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Candidiasis / Yeast Infection - Information About

Candidiasis (Yeast Infection)

About Candidiasis

What is candidiasis?

There are 3 levels of candidiasis

What is Candidiasis ?

Commonly referred to as a yeast infection or thrush – candidiasis is a fungal infection (mycosis) of any of the Candida species. Other technical names for candidiasis include candidosis, moniliasis and oidiomycosis. The most prevalent species involved in yeast infections is C. Albicans

Candida Albicans

There are three levels of candidiasis

(1) Thrush

The common unicellular yeast form of candidiasis

Yeast appears as a whitish plaque, discharge or rash

Is limited to mucosal membranes in the mouth or vagina - is usually easy to cure in people who are not immuno-compromised;

High risk groups – include newborns and adults over 65 years;

Vaginal thrush can be caused by frequent vaginal douching (in addition to the causes mentioned above) - which disturbs vaginal pH, increasing risk of yeast infection.

Tips to prevent the progression from this level to the next more aggressive level

–   Oral hygiene is crucial - to remove the candida and prevent the yeast from becoming more aggressive, which can happen over a period of years. Remember to brush your tongue, and rinse your mouth with an anti-fungal solution (E.g. 3% hydrogen peroxide),as well as brushing your teeth.

–   Ensure your body is well-stocked with probiotics – E.g. by either taking a good probiotic supplement or eating a daily serving of an organic, multi-strain, live-culture yogurt, containing around 20 billion organisms. This will increase intestinal acidity, which deters Candida.

How to increase body's probiotic presence

C. Albicans in oval yeast form (no hyphae)

(2) Mycelial /Chronic candidiasiS

With a weakened immune system, Candida albicans can overgrow

and change into an aggressive fungus

In this aggressive form, Candida sprouts long root-like rhizoids - called hyphae, which it uses to anchor to mucous membranes, such as mouth, vagina, sinuses, ears, nasopharynx, respiratory system, genitourinary tract, warm moist skin areas (incl. under finger and toe-nails) and the GI tract lining.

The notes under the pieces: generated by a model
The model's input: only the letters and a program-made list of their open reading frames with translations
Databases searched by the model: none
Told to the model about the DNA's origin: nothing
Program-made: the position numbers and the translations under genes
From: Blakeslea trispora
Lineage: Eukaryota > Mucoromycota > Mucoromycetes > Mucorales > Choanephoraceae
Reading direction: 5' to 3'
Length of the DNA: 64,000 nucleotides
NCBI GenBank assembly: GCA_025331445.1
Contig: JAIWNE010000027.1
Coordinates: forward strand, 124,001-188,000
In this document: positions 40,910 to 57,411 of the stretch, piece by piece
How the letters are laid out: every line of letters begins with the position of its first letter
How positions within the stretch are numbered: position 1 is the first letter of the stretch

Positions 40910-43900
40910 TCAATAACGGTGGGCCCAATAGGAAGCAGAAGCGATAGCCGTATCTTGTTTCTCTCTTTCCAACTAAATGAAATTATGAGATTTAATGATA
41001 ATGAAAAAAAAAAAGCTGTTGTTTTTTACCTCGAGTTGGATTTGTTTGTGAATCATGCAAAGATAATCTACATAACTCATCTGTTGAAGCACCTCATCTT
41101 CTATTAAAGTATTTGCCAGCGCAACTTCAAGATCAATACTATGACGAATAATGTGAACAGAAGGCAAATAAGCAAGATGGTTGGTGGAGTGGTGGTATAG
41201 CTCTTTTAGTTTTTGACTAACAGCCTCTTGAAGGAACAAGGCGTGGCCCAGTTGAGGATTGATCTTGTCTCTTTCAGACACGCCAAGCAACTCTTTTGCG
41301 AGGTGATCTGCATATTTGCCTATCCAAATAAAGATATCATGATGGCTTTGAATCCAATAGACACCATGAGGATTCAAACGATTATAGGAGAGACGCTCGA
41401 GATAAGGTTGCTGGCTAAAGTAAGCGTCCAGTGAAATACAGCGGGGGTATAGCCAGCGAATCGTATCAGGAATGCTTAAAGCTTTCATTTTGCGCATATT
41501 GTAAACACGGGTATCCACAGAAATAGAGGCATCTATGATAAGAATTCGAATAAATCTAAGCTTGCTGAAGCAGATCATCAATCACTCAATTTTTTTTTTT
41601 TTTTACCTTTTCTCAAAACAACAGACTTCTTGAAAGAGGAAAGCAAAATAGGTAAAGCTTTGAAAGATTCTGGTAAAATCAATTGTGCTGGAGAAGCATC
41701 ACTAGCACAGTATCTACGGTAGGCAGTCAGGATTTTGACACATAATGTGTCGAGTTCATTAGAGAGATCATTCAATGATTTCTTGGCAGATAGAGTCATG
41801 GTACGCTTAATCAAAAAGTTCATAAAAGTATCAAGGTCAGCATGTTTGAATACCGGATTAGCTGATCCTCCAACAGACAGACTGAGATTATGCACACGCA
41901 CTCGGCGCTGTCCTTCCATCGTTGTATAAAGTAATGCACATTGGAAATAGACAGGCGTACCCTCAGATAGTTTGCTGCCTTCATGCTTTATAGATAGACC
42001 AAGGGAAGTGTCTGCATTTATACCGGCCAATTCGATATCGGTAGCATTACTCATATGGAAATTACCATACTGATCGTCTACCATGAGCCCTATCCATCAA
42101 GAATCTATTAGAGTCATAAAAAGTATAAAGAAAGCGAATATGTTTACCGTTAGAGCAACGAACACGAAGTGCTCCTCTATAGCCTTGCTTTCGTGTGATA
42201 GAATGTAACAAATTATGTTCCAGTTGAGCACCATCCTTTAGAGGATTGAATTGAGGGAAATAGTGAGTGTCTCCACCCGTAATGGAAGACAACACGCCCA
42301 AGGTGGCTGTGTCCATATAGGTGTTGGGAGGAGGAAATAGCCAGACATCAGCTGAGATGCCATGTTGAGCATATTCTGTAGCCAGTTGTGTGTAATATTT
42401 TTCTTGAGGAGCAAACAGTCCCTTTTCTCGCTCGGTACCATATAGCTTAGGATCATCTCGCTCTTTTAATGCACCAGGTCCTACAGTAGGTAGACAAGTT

Symptoms – include reoccurring ulcers, red patches, painful sores

“Leaky Gut Syndrome”- mycelial Candida makes microscopic holes in the gut lining, through which large food molecules, bacteria and yeast can pass into the bloodstream.

–   Allergies – when undigested substances get into the blood, where they are not supposed to be, they can cause allergies.

Candida Albicans is involved in over half of Interstitial Cystitis (IC) cases - but there are also other emerging species causing IC, such as Candida glabrata.

Often no longer visible – like white thrush

Candida can not be medically detected in the small intestine – at least, not until after you're dead, when the intestine can be cut open

C. Albicans in mycelial form (with hyphae)

Toxic - releasing toxins to many parts of the body, it further weakens the immune system.

–   Candida Albicans produces ~100 different toxins putting a great strain on the liver - which can then no longer adequately detoxify the body, resulting in extreme fatigue and a general feeling of discomfort. These toxins produce pathological changes in tissues and organs and interfere with proper immune function. Candida toxins also cause allergic reactions and are responsible for the debilitating symptoms of Candidiasis.

(3) INVASIVE CandidIASIS (IC)

Rarely, Candida can penetrate the intestinal walls, and gain access to

the bloodstream (called candidemia) and thus can travel to the central nervous system or organs - where, if untreated, it is fatal in a matter of days.

Widespread throughout body - Candida can contaminate the glands, kidneys, bladder, lungs, heart, liver, skin, mucous membranes and the brain and nervous system producing a large number of symptoms.

Statistics - According to the Center for Disease Control, the blood of ~ 8 in every 100,000 people become infected with invasive Candidiasis (IC) each year in the U.S., and a review of data from the National Center for Health Statistics and recent literature determined that IC-associated mortality has remained stable since 1997, at approximately 0.4 deaths per 100,000 population.

Persons at high risk for candidemia - include low-birth-weight babies, surgical patients, and those with immuno-deficiency (E.g. AIDS patients)

HEALTH PROBLEM TREATMENT LINKS Antibiotic associated C. Difficile / C Diff Infection - Links

CANDIDIASIS / YEAST INFECTION

RELATED LINKS:

About CANDIDIASIS (Yeast Infection)

- Candida Albicans

- Symptoms

- Causes

- Tests

- Treatment

Health Problem Treatment Chart

QUICK LINKS FOR SOME

COMMON HEALTH PROBLEMS

ACNE

ALLERGIES

ASTHMA

AUTO IMMUNE DISEASE

BACTERIAL VAGINOSIS

C. DIFFICILE (Antibiotic-associated infection

CANCER

CANDIDIASIS

(Candida Albicans / Yeast Infection)

CARDIOVASCULAR (CVD) / HEART DISEASE/ HBP

COMMON COLD and FLU

ESTROGEN DOMINANCE

FDB

FIBROMYALGIA

GASTROPARESIS

HEAD LICE

HEAVY METAL POISONING

HIRSUTISM

INSOMNIA

INTERSTITIAL CYSTITIS (IC)

KIDNEY DISEASE (CKD)

KIDNEY STONES

MIGRAINE

MULTIPLE SCLEROSIS (MS)

PETS –How to get rid of fleas

PARASITES

PCOS

PERIPHERAL NEUROPATHY

PLANTAR FASCIITIS

PREGNANCY/BABY

THYROID DISORDERS

URINARY TRACT INFECTION (UTI)

UTERINE FIBROIDS

VAGINAL YEAST INFECTION